Ganga: Book Discussion
Meeting No: 2514 094 6005
Ganga is a long river. Depending on how the river and its tributaries are defined, it is around 2,600 km long. The geographical description of Ganga’s progress on earth is given in some parts of Brahma Vaivarta Purana. That was hundreds of years ago. Hundreds of years later, Ganga’s progress is marked out by cities— Badrinath, Haridwar, New Delhi, Agra, Prayagraj, Kanpur, Jaunpur, Varanasi, Mathura, Mirzapur, Auraiya, Etawah, Farrukhabad, Fatehgarh, Kannauj, Gorakhpur, Lucknow, Bhagalpur, Patna, Gaya, Munger, Baranagar, Kolkata, Murshidabad and many more. 600 million people, in 11 States, live in Ganga’s basin and that basin, and people who live in that basin, are estimated to contribute 40% of India’s GDP.
Rivers mean urbanization, civilization and development. Rivers mean life and at least 50 cities, with population sizes more than 50,000, are along Ganga’s banks. But for this to be sustainable, the river has to remain alive and it is anything but that. Urban centres draw water from Ganga and dump waste and waste water into the river. All too often people assume it is the government’s job to clean up raw sewage and industrial waste from the river. That can’t work, not alone. Many people may not have heard of Kashi Ganga Prasadini Sabha, established by concerned citizens of Varanasi in 1886. The Sabha’s objective was to introduce drainage and clean up the river, objectives we are still struggling with today.
To that end, there is a National Mission for Clean Ganga (NMCG). What does NMCG do? What has NMCG done so far and what does it propose to do? What have been the struggles and successes? Most people will have heard of NMCG, but probably no more than vaguely. Rajiv Ranjan Mishra and Puskal Upadhyay are insiders, with a vested interest in the cleaning up of Ganges, and rightly so. They do work for the government, but the book doesn’t read like a boring government handout. While it isn’t a biography of Ganga, it reads like an autobiography of NMCG. Nothing succeeds like success and there are success stories from Uttarakhand, Kanpur, Prayagraj, Varanasi, Bihar, Jharkhand and the Sunderbans. The most important chapter, in my view, is the last one. It is like an Epilogue and is a letter to readers. As citizens of a country where rivers like Ganga have given us life, the Ganga’s future depends on what we, the readers, do and don’t do.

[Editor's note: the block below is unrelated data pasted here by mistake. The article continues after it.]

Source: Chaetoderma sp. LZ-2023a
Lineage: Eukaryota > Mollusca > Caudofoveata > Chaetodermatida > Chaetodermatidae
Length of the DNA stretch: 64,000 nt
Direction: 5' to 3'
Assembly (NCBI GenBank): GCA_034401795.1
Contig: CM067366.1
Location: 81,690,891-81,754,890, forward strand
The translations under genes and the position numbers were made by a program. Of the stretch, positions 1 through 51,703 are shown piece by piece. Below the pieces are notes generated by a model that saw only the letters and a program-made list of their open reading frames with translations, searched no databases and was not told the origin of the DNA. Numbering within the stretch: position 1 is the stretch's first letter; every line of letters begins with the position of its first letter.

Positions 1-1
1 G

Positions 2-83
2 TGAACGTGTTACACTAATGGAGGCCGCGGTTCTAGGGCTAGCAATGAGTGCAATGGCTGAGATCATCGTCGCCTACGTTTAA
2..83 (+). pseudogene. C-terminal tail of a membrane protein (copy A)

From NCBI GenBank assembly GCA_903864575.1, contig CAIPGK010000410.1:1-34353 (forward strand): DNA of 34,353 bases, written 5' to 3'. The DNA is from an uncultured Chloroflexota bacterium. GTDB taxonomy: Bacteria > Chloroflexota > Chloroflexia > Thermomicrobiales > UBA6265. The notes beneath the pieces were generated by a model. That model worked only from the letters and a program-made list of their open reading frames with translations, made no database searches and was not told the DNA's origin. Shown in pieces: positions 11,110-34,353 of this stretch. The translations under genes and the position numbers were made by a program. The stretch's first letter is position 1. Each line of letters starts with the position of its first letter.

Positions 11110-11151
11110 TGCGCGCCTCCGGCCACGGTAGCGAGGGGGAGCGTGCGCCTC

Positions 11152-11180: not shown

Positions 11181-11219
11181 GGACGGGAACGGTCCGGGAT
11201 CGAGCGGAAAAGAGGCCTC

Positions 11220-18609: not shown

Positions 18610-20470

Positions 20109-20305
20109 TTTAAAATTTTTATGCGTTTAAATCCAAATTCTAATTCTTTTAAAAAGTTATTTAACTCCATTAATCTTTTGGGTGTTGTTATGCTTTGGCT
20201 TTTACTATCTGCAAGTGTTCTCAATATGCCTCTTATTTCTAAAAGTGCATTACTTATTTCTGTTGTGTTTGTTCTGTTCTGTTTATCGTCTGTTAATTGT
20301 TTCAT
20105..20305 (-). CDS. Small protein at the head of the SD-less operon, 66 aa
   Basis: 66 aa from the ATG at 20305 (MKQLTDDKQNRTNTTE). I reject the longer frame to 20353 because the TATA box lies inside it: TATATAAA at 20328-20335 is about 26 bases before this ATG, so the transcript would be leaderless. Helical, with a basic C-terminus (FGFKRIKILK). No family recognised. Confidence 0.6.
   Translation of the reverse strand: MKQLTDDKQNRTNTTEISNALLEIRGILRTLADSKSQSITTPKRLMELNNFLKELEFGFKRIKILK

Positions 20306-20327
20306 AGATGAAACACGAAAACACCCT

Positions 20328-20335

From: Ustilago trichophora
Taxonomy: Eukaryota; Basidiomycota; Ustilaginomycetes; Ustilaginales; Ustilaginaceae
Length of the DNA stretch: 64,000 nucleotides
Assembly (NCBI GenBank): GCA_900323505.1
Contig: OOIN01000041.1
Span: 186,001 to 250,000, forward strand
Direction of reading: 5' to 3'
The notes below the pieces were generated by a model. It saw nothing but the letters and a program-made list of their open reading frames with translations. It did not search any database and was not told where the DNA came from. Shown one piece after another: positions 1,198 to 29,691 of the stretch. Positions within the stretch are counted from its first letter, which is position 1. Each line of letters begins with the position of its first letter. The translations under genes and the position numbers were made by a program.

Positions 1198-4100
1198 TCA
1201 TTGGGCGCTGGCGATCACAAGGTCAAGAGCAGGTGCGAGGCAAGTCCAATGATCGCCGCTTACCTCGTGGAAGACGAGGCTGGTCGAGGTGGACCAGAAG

About the Speakers
Dr Vinod Tare is a Professor of Environmental Engineering and Management at the Indian Institute of Technology Kanpur and also held Sir M Visvesaraya Chair Professor established by the Ministry of Water Resources, GoI. He is a Civil Engineer, obtained his Master’s and Doctoral degrees in Environmental Engineering from IIT Kanpur, and subsequently did post-doctoral research at the Illinois Institute of Technology, Chicago. Dr Tare began his professional career with a short tenure at the Engineers India Ltd and subsequently chose to serve the academic world and engage in research and development activities. He has guided numerous masters’ and doctoral dissertations, and published many reports and papers in conference proceedings and journals of international repute. He was the Chairman of the International Conference on Water – Harvesting, Storage and Conservation (WHSC-2009) and First, Second, Third, Fourth, Fifth and the Sixth India Water Impact Summit (IWIS) held in 2012, 2017, 2018, 2019, 2020 and 2021 respectively jointly organized by Ministry of Jal Shakti and IIT Kanpur led Centre for Ganga River Basin Management and Studies (cGanga). Dr Tare has served on numerous National and International Panels and Committees on various issues and is consultant/advisor to many government organisations, NGOs, Industries, and Institutions. He has developed nature-friendly toilet systems that has been successfully piloted for passenger trains in Indian Railways, for communities, house boats, large congregation such as Kumbh Mela, etc. and has a huge potential for deployment for public use. Dr Tare was the leader of the consortia of seven IITs for the preparation of Ganga River Basin Management Plan (GRBMP). He is the founding head of cGanga led by IIT Kanpur supported by the Ministry of Jal Shakti, Government of India.